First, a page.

But, in a larger sense, we can not dedicate, we can not consecrate, we can not hallow this ground. The brave men, living and dead, who struggled here, have consecrated it, far above our poor power to add or detract. The world will little note, nor long remember what we say here, but it can never forget what they did here. It is for us the living, rather, to be dedicated here to the unfinished work which they who fought here have thus far so nobly advanced. It is rather for us to be here dedicated to the great task remaining before us—that from these honored dead we take increased devotion to that cause for which they gave the last full measure of devotion—that we here highly resolve that these dead shall not have died in vain—that this nation, under God, shall have a new birth of freedom—and that government of the people, by the people, for the people, shall not perish from the earth.
And so, on this Thanksgiving day I once-again pause to give thanks. For my wonderful wife and family, my health, and that I had the good-fortune to be born into this great country in a time when I can use the internet, have a job, ride my bike for pleasure, and even criticize my government (or the people in it) if I so desire. Much like Memorial Day, this holiday lends itself for pondering the greatness of those who came before me. Men like Abraham Lincoln. Reading his well-chosen words always brings a tear to my eye. We can only wonder what other great things he might have achieved had he not been assassinated...much like JFK and RFK. But that history is part of ours and we can't change it. We can only hope to do good things, to treat others how we would like to be treated, and to live a good life with the time we are allowed. It's a time to be thankful for all the wonderful things our lives have to offer. And to be thankful as we look back at the hard times, being glad they are in the past. I'd say life in general is easier these days than in years past, but that might not be totally correct. It's just different, easier in some, yet harder in totally different ways than could ever have been foreseen by our fathers and grandfathers.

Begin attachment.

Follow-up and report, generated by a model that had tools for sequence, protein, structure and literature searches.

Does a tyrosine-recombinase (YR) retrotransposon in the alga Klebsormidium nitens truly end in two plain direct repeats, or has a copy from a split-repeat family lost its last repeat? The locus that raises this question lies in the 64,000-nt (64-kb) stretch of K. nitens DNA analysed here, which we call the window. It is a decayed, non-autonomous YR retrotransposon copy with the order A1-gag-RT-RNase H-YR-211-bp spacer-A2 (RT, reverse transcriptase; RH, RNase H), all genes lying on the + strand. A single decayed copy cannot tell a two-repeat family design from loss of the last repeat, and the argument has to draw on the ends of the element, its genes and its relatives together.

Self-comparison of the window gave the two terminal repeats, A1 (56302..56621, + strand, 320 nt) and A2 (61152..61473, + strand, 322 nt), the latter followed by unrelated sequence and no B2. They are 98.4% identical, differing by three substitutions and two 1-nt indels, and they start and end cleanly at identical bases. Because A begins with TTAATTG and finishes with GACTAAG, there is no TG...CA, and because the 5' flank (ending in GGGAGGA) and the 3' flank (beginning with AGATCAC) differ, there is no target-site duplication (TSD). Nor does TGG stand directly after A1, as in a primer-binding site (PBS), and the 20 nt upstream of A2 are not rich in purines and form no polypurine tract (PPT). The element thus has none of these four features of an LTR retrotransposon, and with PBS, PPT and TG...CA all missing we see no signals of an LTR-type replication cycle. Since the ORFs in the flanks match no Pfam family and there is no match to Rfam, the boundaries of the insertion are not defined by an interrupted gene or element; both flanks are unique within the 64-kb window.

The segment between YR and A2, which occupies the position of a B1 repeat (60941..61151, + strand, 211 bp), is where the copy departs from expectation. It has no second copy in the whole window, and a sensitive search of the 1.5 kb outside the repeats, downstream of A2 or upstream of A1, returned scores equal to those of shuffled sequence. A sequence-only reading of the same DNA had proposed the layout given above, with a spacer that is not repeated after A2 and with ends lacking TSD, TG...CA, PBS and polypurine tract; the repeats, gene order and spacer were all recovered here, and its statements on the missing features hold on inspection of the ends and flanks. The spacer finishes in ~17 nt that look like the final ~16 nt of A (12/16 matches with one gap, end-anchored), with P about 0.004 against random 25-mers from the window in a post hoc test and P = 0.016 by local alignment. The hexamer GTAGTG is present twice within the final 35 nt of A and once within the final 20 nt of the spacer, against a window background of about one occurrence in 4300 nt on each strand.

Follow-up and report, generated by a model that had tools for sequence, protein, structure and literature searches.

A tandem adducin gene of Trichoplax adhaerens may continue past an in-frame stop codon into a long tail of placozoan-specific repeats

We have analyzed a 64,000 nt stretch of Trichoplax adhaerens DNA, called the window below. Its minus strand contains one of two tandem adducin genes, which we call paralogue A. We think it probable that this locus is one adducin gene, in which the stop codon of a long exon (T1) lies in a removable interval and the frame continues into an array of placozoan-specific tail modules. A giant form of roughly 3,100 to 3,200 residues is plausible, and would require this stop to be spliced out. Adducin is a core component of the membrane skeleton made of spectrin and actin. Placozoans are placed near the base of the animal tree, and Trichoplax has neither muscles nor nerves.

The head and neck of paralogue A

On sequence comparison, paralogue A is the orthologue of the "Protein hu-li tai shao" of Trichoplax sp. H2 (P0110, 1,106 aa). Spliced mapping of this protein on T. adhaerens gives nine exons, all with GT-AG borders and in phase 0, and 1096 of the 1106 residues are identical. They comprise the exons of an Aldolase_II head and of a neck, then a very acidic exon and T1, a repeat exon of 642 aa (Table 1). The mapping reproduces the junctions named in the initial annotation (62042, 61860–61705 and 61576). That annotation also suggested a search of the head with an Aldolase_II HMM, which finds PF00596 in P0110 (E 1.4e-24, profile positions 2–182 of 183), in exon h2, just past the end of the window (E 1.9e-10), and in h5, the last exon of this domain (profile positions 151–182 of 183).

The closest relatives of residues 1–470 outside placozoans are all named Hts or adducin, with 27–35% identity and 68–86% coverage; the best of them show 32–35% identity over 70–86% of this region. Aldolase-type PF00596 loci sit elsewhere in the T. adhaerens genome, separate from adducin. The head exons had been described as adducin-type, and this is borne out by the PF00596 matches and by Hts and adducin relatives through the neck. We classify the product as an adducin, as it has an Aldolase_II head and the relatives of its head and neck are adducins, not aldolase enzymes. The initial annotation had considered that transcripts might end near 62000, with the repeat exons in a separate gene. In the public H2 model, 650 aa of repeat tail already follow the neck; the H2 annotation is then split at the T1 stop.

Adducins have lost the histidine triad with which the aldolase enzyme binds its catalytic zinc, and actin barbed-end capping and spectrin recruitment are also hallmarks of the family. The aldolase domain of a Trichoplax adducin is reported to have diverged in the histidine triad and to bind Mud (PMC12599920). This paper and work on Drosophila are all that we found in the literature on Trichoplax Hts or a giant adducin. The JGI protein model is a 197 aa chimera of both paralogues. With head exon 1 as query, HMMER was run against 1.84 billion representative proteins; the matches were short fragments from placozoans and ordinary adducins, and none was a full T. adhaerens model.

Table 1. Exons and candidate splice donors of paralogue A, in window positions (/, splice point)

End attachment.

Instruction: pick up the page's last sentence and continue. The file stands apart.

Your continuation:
The rain has briefly turned to snow gently fluttering down thru the trees, though I doubt much will stick around for more than a few minutes. I urge you to take a moment and ponder what you are thankful for.
Have a safe and wonderful Thanksgiving!